From The Wall Street Journal:
In June of the year 68, the emperor Nero, on learning that the Roman Senate had declared him a public enemy, plunged a dagger into his throat (with the loyal assistance of his private secretary). A generation later, the emperor Domitian was hacked to death by a handful of palace aides in what was a rather messy job. A century on, Commodus was strangled in the bath by his personal trainer (Plan B for the conspirators, following a botched poisoning). In 235, in a more conventional military coup staged on the Rhine frontier, the emperor Severus Alexander was cut down (“clinging to his mother,” according to a contemporary historian) by soldiers ready for a change of boss.
Assassination was the main occupational hazard of ruling the Roman Empire: More than a dozen Roman rulers met violent ends between Julius Caesar in 44 B.C. and Severus Alexander. What makes the above list notable is that each of these deaths also spelled the end of a family’s tenure in power. Roman imperial dynasties were evanescent, too.
“The corridors of power” in ancient Rome “were always bloodstained,” observes Mary Beard in the opening pages of “Emperor of Rome,” her study of the emperors who ruled antiquity’s most famous empire. The rotating door to the empire’s halls of power forms a contrast with the durability of the imperium as a political formation.
Ms. Beard, a retired professor of classics at Cambridge, has become the most visible face of classics worldwide. On this side of the pond, she is a public intellectual. On the other side, she is that and more: a celebrity. Her gifts for putting serious scholarship into accessible terms, for bringing a critical eye to the study of classics without being a scold (while still making the study of the ancient world seem entertaining) has translated well to TV and a spate of books admired by specialists and the wider public alike.
“Emperor of Rome” is billed as a sequel to her blockbuster, “SPQR,” which also treated the Roman Empire in its later chapters. Unlike its predecessor, “Emperor of Rome” has no chronological narrative. It looks at the rulers of Rome through the prism of 10 separate themes, from “power dining” to imperial travel, as Ms. Beard returns to subjects she has treated throughout her career (imperial portraiture, Roman triumphs, deification). Each of the themes offers a vivid way to re-examine what we know, and don’t, about life at the top.
For all its detail and diverse interests, the book’s unifying argument might be that it is very hard to grasp the truth of what the emperors were actually like. Instead, we have a tissue of propaganda and gossip, sycophancy and slander. “The image of Roman emperors that has come down to us,” Ms. Beard writes, “is a complicated and multilayered construction: a glorious combination of hard historical evidence, spin, political invention and reinvention, fantasies of power, and the projection of Roman (and some modern) anxieties.”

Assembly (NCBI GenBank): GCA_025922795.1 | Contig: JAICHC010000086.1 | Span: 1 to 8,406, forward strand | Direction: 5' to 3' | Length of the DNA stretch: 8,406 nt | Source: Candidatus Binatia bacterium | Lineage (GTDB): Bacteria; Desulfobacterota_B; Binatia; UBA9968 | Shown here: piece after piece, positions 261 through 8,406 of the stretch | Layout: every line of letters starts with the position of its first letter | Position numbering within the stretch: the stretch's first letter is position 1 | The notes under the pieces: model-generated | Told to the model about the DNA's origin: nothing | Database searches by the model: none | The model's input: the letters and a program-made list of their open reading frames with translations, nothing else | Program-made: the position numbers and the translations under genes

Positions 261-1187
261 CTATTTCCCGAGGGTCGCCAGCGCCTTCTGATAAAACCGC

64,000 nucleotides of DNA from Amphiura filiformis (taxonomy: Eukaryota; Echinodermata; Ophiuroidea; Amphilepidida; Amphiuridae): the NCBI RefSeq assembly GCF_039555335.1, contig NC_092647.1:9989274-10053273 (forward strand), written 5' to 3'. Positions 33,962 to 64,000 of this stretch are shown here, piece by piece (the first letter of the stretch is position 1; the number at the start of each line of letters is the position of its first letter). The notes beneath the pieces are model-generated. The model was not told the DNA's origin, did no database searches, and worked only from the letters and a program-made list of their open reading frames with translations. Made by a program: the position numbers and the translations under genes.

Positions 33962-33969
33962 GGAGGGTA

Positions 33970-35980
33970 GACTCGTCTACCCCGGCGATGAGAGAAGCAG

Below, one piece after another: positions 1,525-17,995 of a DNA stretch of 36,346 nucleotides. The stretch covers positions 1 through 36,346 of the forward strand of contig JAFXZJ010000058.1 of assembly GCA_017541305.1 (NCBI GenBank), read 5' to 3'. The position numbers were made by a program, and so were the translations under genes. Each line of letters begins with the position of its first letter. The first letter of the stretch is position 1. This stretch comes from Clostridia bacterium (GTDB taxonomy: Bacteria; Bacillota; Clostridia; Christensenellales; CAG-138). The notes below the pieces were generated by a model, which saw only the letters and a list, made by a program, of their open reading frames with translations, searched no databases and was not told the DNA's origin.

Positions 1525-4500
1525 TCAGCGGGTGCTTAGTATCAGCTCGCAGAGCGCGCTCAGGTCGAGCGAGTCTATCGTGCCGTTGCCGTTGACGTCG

As Ms. Beard points out, despite the proliferation of the emperor’s image that began in the reign of Augustus (died A.D. 14), it is hard to know what the emperors even looked like. Domitian, for instance, had a “pot belly, thin legs, and hardly any hair,” Ms. Beard writes. His baldness was a touchy issue, and he wrote a manual on hair care. None of this is reflected in the generously coiffed busts that survive. The deeper point is that image should not be mistaken for reality.
The reputation of a Roman emperor depended inordinately on whether the next emperor needed his predecessor to have been remembered as “good” or “bad.” An emperor was judged by how he balanced the delicate, ambiguous expectations laid upon those who wielded absolute power. He was to be generous but not profligate, sympathetic but not soft. His comportment at table, in the circus, even in bed was a reflection of the anxieties and fantasies of the ruling class. In his role as commander in chief, the emperor’s obligations were clearer: to win in battle and to share in the toughness of the common soldier.
In other words, the emperors of Rome were the wealthiest and most powerful people in the world, tightly constricted by the protocols that governed the proper exercise of authority. The emperors were never outright monarchs—as they were at pains to emphasize, distancing themselves emphatically from titles that implied kingship. They continued to share power with the Senate and the army; in fact, their power depended on how well they could orchestrate these institutions. The emperors, descendants of the warring oligarchs of the late republic, inherited a militaristic culture and a sprawling empire stretched tautly to its limits. They governed all this with a skeleton crew of administrators, many of them enslaved or free members of their household staffs, often via letters that moved at the speed of horse.
Link to the rest at The Wall Street Journal (Sorry if you encounter a paywall)